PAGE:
Your numbers are however an estimate of this true number since you have sampled only a part of the student population. But guess what? You find - surprise, surprise - that your estimate on average is equal to the true value. That is, you take an average of your (four) sample estimates and this is equal to the true population mean.

II. Relation with Bias and Variance
1) Your estimate is therefore an Accurate estimate. UNBIASED. But you also note that your estimates are varying ('fluctuate'). They are therefore not very Precise estimates.

2) Peter's estimate were on the other hand NOT ACCURATE. They were on the higher side. There was a BIAS (a positive bias). But to be fair they were PRECISE estimates. They had relatively LOW VARIANCE i.e the estimates were close together.


HIGH Accuracy => LOW Bias
HIGH Precision => LOW Variance
III. Visualizing Accuracy and Precision concepts
The best way to do this is to imagine that you were playing a game of darts. You then have four scenarios depending on whether the Accuracy and Precision is 'Low' or 'High'. See the following diagram (click to enlarge if required). See how your estimates and Peters' were between the two extremes of Ideal vs Sinful (!) estimates. Just for ease of visualization this has been represented in the form of a 2 dimensional picture. With reference to this example, just look along the horizontal line - the dotted line that i've drawn.IV. But do we really conduct repeat surveys
No! In the practical world, we never have the luxury of time or money to conduct repeat surveys to see how good our estimates are. In practice, the survey statistician would first ensure that the design is UNBIASED. Along with ensuring unbiasedness, a survey statistician would ensure that the variance of the estimate was low. In your case, you had an unbiased sample. The reason for high variance was probably low sample size.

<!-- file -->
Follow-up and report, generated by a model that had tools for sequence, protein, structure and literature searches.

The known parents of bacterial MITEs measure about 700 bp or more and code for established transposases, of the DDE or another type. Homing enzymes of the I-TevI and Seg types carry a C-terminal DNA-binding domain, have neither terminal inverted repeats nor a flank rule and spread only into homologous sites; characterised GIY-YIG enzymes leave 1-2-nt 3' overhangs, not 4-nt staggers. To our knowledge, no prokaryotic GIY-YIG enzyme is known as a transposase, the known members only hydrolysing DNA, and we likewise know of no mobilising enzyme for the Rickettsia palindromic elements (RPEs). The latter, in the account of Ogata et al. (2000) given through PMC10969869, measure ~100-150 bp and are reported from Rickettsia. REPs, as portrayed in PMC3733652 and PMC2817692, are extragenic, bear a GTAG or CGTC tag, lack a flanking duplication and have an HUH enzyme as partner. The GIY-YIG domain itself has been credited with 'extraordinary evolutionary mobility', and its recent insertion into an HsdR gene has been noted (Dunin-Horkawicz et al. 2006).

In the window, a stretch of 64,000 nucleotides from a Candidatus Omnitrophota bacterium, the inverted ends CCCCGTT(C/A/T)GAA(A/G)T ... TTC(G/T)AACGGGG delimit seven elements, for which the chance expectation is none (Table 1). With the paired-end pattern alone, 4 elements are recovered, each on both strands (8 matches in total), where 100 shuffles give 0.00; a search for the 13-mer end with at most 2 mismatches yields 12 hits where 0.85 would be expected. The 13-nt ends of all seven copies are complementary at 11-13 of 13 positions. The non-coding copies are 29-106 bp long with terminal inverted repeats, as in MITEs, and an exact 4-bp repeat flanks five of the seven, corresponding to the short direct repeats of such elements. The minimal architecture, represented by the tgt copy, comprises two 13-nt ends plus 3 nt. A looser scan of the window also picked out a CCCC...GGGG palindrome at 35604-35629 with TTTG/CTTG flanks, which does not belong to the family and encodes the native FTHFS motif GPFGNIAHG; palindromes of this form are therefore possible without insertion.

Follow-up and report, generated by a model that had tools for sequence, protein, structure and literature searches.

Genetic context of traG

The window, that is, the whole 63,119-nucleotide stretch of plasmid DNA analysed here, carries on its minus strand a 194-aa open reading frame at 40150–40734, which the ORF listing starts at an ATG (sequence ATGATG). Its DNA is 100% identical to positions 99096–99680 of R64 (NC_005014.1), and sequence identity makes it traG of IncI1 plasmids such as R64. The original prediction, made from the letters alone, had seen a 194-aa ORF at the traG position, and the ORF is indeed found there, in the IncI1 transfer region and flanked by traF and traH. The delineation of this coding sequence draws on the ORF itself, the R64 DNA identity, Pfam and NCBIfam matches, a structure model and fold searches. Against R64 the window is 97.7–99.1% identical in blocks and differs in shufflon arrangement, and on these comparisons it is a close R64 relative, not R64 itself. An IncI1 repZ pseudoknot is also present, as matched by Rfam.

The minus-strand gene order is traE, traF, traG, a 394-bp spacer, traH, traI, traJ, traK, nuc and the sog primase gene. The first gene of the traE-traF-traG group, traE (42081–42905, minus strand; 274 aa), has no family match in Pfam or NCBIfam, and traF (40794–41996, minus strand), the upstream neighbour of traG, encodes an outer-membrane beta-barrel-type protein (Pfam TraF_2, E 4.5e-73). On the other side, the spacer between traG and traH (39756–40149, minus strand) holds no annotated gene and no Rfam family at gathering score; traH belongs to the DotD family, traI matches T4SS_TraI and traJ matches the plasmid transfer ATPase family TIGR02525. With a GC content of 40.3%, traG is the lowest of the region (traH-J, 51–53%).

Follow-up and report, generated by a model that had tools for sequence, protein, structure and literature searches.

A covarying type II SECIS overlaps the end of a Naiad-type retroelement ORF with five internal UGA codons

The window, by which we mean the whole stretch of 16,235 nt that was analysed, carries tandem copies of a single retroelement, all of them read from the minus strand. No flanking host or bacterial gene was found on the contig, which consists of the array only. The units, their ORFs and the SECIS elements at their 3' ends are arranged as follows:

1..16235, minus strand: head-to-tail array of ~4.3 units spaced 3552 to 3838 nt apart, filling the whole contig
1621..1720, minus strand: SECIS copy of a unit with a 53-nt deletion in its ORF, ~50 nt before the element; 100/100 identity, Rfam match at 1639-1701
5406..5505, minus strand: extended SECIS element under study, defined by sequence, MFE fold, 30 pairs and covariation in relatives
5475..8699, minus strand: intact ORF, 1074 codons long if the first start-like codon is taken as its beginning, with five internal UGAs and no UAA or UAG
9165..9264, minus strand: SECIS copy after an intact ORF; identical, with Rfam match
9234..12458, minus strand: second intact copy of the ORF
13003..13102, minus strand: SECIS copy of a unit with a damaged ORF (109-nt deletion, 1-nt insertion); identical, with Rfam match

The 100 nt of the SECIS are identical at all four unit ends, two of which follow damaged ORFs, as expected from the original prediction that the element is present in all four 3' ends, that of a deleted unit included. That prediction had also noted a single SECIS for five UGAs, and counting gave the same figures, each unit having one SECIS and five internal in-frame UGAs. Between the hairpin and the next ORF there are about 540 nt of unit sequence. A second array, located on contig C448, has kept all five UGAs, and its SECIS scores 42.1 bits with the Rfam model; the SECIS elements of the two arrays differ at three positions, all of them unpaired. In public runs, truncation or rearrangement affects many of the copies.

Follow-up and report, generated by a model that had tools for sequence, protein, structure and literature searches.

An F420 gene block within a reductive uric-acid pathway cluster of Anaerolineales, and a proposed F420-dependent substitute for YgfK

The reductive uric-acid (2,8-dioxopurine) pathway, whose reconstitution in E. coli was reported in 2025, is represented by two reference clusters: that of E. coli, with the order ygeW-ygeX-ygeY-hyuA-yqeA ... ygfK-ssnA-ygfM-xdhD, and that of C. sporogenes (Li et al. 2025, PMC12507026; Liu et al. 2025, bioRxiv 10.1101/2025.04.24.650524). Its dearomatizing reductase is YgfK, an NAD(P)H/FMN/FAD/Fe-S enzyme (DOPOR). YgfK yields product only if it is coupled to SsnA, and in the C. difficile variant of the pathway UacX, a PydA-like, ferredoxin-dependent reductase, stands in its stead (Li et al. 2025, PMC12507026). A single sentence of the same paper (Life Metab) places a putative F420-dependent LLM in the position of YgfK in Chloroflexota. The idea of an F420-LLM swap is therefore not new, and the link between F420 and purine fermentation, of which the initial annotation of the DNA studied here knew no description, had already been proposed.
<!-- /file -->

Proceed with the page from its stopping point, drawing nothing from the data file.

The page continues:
In Peter's case, he probably had a 'helpful' friend living in an off-campus condo who offered to introduce Peter to his friends in condos around. Obviously, these were all also those who worked in places offering higher wages (how else a condo :) , which is why his estimates were biased. The sample of course, is not a random sample and is unscientifically done. So it matters little that his estimates were precise since they were quite biased.

Also, please remember that the fact that the average of your four estimates is equal to the population value is just for illustration. The property of unbiasedness (or lack of it) is on average across many, many estimates.

V. Two basic reporting components

To enable the research user to assess precision, we always report the Margin of Error along with the Estimate in research reports/presentations i.e Estimate +/- Margin of Error; which gets expressed as a Confidence Interval. The estimate, of course, is designed to be unbiased ('tending to' the true population value after many runs)

Saturday, November 04, 2006

Pirating films? You Goonda!

Yes. That's right. If you are in the state of Karnataka (in India), you better not burn a CD of some movie and pass it to your friend Rajesh. If you do so you are a goonda. This was the announcement made by the Chief minister of Karnataka.